The first pragmatic randomised controlled trial of tai chi for people with low back pain has shown that it can improve pain and disability outcomes in this population. Australian researchers randomised 160 volunteers with persistent non-specific low back pain to either tai chi or a wait-list control group, who continued with their usual health care. The tai chi intervention consisted of 18 forty-minute group sessions over a 10-week period delivered by a qualified instructor. Tai chi was found to reduce the bothersomeness of back symptoms by 1.7 points and pain intensity by 1.3 points (on a 10-point scale). It was also found to improve self-reported disability by 2.6 points on a 24-point scale. (Tai chi exercise for treatment of pain and disability in people with persistent low back pain: a randomized controlled trial. Arthritis Care Res (Hoboken). 2011 Nov;63(11):1576-83).

Yoga is a more effective treatment for chronic lower back pain than conventional GP care, according to the UK’s largest ever study into its benefits. The trial involved 313 people who were receiving GP care for chronic back pain. Participants were randomised to receive usual care alone, or usual care plus 12 weeks of group yoga classes specially designed for those with lower back pain. The results showed that the yoga group had better back function at three, six and 12 months compared with the usual care group. Around 60% of people in the yoga group continued with their practice after the end of the classes. (Yoga for chronic low back pain: a randomized trial. Ann Intern Med. 2011 Nov 1;155(9):569-78). In another study from the USA, 228 adults with chronic low back pain were randomised to 12 weekly classes of yoga, conventional stretching exercises or a self-care book. Yoga was found to be more effective in improving function and reducing symptoms than self-care (-2.5 versus -1.1 points on a 23-point disability scale), but not more effective than stretching (at six, 12 and 26 weeks). (A Randomized Trial Comparing Yoga, Stretching, and a Self-care Book for Chronic Low Back Pain. Arch Intern Med. 2011 Dec 12;171(22):2019-26).

American researchers have found preliminary evidence that acupuncture may be able to help relieve non-cyclic breast pain. Thirty-seven women experiencing breast pain received treatment consisting of four acupuncture sessions over two weeks, with three months follow-up. Patients reported that pain (described as throbbing and heavy) decreased significantly after acupuncture. Following treatment, pain scores decreased by an average of 3.5 points (on a 10-point scale) for the worst pain experienced, by 2.7 points for average pain experienced and by 2.3 points for interference from pain. The percentage of patients reporting a clinically meaningful decrease of two points from baseline to the end of treatment was 67% for the worst pain experienced, 65% for average pain experienced, and 56% for pain interference. (Acupuncture for treatment of noncyclic breast pain: a pilot study. Am J Chin Med. 2011;39(6):1117-29).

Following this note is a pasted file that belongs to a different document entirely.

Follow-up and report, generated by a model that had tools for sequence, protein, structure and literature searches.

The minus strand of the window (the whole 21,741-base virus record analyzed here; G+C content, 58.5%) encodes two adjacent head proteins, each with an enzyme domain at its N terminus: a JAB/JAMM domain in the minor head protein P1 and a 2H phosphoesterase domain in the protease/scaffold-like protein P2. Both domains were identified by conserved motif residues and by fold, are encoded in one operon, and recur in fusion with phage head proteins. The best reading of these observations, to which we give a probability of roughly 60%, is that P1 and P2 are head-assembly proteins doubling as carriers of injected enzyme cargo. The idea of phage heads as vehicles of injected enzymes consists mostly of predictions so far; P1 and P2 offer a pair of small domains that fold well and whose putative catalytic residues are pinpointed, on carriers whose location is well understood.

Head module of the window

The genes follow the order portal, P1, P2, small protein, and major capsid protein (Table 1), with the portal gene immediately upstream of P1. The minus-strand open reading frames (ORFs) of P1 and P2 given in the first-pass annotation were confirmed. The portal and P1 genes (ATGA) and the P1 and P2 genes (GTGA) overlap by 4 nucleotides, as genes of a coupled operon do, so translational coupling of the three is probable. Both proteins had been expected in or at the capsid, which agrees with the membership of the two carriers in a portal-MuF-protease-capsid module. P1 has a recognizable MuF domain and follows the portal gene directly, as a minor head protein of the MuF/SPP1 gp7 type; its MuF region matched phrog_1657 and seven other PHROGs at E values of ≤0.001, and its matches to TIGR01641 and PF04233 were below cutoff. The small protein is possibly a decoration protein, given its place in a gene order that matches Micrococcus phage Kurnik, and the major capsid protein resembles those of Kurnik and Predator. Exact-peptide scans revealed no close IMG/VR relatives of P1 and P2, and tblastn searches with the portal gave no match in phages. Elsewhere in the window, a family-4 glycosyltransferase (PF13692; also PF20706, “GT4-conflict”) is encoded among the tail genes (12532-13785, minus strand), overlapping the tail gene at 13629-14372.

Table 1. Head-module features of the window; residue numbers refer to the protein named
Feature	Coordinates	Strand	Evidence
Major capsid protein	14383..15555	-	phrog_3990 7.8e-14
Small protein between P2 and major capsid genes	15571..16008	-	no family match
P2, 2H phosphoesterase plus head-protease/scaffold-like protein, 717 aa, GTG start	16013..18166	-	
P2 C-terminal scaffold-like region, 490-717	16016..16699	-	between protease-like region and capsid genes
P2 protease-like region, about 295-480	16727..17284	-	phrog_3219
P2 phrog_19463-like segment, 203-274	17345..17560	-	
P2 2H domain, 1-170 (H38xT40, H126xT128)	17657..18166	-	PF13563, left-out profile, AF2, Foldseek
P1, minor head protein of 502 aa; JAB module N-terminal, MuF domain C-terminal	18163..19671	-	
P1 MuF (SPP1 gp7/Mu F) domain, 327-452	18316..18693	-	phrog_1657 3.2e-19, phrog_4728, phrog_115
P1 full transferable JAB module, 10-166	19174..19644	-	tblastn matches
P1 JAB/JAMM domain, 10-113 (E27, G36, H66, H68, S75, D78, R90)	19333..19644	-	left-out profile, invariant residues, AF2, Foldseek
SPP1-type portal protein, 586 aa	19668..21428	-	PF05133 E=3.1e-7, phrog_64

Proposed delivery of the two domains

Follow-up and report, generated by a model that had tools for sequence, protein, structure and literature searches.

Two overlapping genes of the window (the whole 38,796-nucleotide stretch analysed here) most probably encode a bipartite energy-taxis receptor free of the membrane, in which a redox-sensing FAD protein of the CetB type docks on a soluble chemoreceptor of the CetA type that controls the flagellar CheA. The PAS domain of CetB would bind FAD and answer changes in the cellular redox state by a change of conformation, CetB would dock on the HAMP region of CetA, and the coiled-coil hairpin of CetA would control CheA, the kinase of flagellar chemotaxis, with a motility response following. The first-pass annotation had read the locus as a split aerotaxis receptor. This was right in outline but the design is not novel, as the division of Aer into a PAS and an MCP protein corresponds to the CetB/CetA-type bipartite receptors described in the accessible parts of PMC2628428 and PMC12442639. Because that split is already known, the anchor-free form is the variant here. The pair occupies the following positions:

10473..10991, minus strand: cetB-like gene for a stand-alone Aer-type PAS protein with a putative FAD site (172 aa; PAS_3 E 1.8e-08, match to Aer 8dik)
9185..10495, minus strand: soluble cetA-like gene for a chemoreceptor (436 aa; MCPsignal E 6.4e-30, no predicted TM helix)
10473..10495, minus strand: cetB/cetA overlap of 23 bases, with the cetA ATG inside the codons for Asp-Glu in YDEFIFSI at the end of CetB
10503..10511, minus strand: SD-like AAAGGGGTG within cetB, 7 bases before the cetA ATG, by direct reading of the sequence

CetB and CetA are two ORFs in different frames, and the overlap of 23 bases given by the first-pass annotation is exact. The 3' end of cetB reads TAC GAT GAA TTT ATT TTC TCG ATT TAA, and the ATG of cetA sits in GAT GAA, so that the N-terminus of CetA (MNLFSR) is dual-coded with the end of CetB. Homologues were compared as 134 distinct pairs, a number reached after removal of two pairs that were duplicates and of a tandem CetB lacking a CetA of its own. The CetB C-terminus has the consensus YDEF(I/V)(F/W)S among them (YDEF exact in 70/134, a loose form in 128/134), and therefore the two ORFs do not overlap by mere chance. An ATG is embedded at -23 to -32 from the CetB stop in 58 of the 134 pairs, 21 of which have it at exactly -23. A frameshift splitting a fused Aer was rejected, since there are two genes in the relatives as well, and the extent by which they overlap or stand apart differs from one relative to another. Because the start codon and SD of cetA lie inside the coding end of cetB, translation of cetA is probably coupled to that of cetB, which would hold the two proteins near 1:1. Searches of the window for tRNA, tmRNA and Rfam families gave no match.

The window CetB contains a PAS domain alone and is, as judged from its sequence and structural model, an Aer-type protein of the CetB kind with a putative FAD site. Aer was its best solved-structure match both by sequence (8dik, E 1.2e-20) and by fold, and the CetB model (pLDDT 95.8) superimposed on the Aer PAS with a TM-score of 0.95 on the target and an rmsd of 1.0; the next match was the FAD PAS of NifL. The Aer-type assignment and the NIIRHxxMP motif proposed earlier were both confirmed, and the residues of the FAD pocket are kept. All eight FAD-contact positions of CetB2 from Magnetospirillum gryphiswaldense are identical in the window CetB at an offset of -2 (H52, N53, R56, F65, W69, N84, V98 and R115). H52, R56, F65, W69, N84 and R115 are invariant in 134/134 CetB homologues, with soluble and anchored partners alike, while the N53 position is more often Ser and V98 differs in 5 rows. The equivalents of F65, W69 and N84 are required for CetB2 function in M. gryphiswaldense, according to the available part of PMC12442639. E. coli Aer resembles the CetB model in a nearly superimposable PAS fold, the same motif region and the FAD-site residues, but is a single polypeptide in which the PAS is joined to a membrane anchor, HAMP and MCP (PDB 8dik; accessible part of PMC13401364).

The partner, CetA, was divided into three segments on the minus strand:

Patients with low-back pain (LBP) are less likely to visit physicians for their problem after receiving acupuncture treatment, which leads to reduced healthcare pending on LBP. In a case control study carried out in Canada, 201 cases in which LBP was treated with acupuncture were compared with 804 controls. Each acupuncture group case was matched with four comparison cases from the general population with LBP, based on gender and age. The number of physician visits for the one-year period post-acupuncture decreased 49% for the acupuncture group, compared with the one-year period pre-acupuncture. In the comparison group, there was a decrease of 2% in physician visits for the same time periods. The cost of LBP-related physician services showed corresponding decreases, declining by 37% for the acupuncture group and 1% for the comparison group. (Reduced health resource use after acupuncture for low-back pain. J Altern Complement Med. 2011 Nov;17(11):1015-9).

A German team has compared qigong and exercise therapy in patients with chronic neck pain. One hundred and twenty-three patients with chronic neck pain (VAS 40 mm) were randomised to six months (18 sessions) of either qigong or exercise therapy, or to a waiting list (no treatment). After six months, a significant difference was seen between the qigong and waiting list control groups in terms of neck pain, disability and quality of life. Results in the qigong and exercise therapy groups were found to be similar. (Qigong versus Exercise versus no Therapy for Patients with Chronic Neck Pain – a Randomized Controlled Trial. Spine (Phila Pa 1976). 2010 Dec 20. [Epub ahead of print]).